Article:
What we have witnessed since the end of the Second World War thus appears as a mere continuation of a tradition which was well established in the nineteenth century. There is nothing new either in the contemporary doctrine opposing intervention or in the pragmatic use of intervention on behalf of the interests of individual nations. What Great Britain and Russia were doing in the nineteenth century, the United States and the Soviet Union seem to be doing today. Thus, to cite again two spectacular examples among many, the Soviet Union intervened in Hungary in 1956 as Russia had done in 1848, and the United States intervened in Cuba at the beginning of the sixties as it had done in the first decades of the century. Yet there are fundamental differences between the interventions of the past and those of the present. Five such differences have significantly altered the techniques of contemporary intervention, have drastically reduced the traditional legal significance of the consent of the state intervened against, and have affected in a general way the peace and order of the world.

First, the process of decolonization, which started after the Second World War and is now almost completed, has more than doubled the number of sovereign nations. Many if not most of these new nations are not viable political, military and economic entities; they are lacking in some if not all of the prerequisites of nationhood. Their governments need regular outside support. Thus France subsidizes its former colonies in Africa; all the major industrial nations extend economic and financial aid to the new ones, and the United States, the Soviet Union and China do so on a competitive basis.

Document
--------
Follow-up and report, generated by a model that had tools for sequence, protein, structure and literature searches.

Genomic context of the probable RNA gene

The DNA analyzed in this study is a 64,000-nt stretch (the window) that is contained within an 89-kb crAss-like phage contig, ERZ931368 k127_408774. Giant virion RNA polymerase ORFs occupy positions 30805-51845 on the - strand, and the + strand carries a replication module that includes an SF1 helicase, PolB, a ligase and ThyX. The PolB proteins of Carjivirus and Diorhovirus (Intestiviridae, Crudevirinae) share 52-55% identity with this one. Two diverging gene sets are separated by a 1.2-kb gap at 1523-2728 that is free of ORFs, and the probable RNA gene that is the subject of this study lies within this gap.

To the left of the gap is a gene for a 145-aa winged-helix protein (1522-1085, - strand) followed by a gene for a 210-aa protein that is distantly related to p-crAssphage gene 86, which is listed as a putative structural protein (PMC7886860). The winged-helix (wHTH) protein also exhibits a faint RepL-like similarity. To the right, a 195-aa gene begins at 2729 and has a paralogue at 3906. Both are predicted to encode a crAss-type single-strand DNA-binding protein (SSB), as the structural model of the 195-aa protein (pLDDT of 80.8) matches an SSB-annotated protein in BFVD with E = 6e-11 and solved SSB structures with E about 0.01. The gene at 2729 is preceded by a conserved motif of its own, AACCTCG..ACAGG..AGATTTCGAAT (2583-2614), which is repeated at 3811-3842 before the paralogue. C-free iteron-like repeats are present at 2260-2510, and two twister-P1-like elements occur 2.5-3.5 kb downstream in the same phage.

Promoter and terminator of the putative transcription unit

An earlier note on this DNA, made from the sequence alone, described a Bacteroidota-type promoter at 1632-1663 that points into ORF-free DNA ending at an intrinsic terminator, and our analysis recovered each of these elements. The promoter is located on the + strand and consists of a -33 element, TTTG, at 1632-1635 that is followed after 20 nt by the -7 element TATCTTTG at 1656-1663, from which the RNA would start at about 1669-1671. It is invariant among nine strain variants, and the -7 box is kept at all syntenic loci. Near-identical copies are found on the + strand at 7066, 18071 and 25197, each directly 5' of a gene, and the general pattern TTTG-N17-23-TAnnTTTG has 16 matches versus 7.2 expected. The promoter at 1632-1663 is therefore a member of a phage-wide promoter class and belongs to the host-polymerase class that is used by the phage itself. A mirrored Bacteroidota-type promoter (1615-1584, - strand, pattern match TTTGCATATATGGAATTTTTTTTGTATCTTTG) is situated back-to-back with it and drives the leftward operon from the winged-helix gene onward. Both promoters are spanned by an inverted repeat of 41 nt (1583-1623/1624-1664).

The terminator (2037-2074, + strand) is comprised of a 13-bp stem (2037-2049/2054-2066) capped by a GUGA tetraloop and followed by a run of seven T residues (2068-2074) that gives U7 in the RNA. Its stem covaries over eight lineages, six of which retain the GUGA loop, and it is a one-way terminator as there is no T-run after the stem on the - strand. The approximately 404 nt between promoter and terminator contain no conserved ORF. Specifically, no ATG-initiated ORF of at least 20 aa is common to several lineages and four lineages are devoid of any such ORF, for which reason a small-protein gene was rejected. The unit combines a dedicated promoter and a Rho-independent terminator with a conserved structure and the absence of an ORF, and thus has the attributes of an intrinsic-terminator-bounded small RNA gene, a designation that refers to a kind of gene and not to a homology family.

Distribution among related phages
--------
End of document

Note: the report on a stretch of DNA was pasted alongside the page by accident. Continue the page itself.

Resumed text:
What makes this aid a lever for intervention is the fact that in most cases it is not just an advantage which the new nations can afford to take or leave, but a condition for their survival. The Indian economy, for example, would collapse without outside support, and in consequence the Indian state itself would probably disintegrate. Large masses of Egyptians would starve without the outside supply of food. What is true of these two ancient and relatively well developed nations is of course true of most of the new nations which are nations within their present boundaries only by virtue of the accidents of colonial policy: the supplier of foreign aid holds the power of life and death over them. If a foreign nation supplies aid it intervenes; if it does not supply aid it also intervenes. In the measure that the government must depend on foreign aid for its own and its nation's survival it is inevitably exposed to political pressures from the supplying government. Many of the recipient governments have been able to minimize or even neutralize these political pressures by keeping open alternative sources of foreign aid and by playing one supplying government against the other. Some nations, such as Egypt, have developed this technique into a fine and highly successful art.